According to the premise of and sentiments expressed in the article under analysis, the methods of evangelism used in times past to carry forward gospel evangelism, as well as the position to remain true to the historic identity of Adventism, are today outdated, ineffective and inhibit church growth/progress and therefore need to be challenged, changed and new-modeled. “This is not to incite insurrection,” Davis states, “but to state very clearly to the powers that be that we have a systemic problem that dates back to before any of us were thought of. An [sic] now we have a generation of youth that is not the least bit interested in being Adventist, there are communities not being impacted, and unchurched people who are not being reached. And we, WE, must break free from the traditional, orthodox views in order to meet these people’s need. A close examination of these issues doesn’t illuminate some gross deviation from scripture or Adventist doctrine by these creative and committed pastors (although there are those that would like to argue that such is the case). Rather, it’s these archaic, traditionalist, fundamentalist, extremely conservative, even marginal views, and personal opinions that have plagued us and inhibited the mission of our church. It is by these very views that we have been indoctrinated to believe that they cannot be challenged. ‘This is what it is. This is what it’s always been. End of discussion.’ To that we say, ‘No more!’”4 Individuals with such opinions as thus expressed, view church growth only from a numeric standpoint and are therefore willing to lower the standards that God has established and use any method (i.e. worldly music, sports, secular entertainment, etc.), in order to facilitate the acceptance of the faith by worldlings, and bring them into a denomination that is almost identical to the popular non-SDA churches. And indeed, an increase in membership has ensued from these endeavors, yet these churches that souls are brought into, in no way resemble the Seventh-day Adventism of the past built upon the standards and foundational pillars.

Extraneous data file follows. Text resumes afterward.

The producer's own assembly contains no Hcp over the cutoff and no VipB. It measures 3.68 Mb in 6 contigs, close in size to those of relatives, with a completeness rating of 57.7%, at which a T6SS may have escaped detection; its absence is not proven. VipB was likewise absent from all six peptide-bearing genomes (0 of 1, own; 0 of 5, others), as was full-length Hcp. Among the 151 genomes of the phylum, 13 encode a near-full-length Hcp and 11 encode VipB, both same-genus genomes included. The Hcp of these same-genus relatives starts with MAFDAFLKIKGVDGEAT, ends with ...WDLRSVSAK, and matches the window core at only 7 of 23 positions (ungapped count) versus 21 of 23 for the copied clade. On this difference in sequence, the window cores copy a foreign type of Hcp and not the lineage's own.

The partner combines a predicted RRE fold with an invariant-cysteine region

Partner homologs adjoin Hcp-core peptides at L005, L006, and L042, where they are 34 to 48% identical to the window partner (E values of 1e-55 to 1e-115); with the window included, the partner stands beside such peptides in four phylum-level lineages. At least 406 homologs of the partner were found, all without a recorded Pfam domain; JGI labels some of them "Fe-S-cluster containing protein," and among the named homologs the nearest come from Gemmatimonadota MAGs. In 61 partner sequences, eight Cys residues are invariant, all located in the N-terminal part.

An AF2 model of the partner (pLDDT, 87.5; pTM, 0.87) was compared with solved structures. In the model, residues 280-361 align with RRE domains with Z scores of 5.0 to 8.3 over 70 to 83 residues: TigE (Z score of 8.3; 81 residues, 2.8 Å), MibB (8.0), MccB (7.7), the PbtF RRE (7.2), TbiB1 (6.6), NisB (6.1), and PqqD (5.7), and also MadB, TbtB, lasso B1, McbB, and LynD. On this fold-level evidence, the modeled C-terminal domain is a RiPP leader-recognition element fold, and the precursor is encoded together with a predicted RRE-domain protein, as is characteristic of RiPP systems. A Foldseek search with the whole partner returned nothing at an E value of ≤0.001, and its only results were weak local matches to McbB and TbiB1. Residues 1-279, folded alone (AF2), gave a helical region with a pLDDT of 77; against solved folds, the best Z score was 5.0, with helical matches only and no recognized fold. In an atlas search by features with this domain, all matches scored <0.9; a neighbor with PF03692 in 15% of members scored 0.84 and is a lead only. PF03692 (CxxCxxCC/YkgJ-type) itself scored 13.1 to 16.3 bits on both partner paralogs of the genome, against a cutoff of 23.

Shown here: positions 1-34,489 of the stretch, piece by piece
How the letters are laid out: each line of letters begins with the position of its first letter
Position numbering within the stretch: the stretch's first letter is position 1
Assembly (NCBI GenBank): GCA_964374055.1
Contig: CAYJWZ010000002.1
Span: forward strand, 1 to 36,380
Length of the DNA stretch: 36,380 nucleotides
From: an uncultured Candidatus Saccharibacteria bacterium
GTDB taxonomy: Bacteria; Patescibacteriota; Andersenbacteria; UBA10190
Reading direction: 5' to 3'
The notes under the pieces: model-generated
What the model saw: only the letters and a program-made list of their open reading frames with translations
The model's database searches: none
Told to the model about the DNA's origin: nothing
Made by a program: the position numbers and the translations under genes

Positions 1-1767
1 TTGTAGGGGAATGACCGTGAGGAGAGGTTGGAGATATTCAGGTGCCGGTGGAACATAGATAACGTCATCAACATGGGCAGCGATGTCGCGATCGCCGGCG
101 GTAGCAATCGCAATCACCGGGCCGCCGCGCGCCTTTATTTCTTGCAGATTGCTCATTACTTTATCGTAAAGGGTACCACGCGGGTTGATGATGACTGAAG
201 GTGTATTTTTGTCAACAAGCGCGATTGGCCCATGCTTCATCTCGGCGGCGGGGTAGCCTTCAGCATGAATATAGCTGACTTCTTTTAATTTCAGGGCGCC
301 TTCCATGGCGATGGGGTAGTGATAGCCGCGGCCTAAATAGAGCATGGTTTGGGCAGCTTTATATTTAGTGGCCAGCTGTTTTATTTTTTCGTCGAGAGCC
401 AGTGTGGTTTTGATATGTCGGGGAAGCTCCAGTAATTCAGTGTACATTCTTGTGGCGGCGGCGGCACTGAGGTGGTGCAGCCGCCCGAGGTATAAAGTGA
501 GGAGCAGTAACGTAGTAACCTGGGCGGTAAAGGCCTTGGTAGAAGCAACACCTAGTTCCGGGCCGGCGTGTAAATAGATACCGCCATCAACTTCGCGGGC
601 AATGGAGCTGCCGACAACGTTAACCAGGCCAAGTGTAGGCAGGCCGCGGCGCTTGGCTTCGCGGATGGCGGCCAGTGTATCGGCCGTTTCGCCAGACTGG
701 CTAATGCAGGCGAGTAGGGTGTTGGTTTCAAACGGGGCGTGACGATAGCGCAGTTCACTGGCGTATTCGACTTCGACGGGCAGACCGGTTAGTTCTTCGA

The question is put forth to us in The Great Controversy, “what was the origin of the great apostasy? Looking back centuries before and comparing the state of affairs today, it is undeniable that the very reasons for the origin of this apostasy are prevalent in the Seventh-Day Adventist denomination, which indicates that the great apostasy has reemerged and is in its omega/ending phase.
“What was the origin of the great apostasy? How did the church first depart from the simplicity of the gospel? By conforming to the practices of paganism, to facilitate the acceptance of Christianity by the heathen…During the lives of the apostles the church remained comparatively pure. But ‘toward the latter end of the second century most of the churches assumed a new form; the first simplicity disappeared, and insensibly, as the old disciples retired to their graves, their children, along with new converts . . . came forward and new-modeled the cause…’ To secure converts, the exalted standard of the Christian faith was lowered, and as the result ‘a pagan flood, flowing into the church, carried with it its customs, practices, and idols…’”5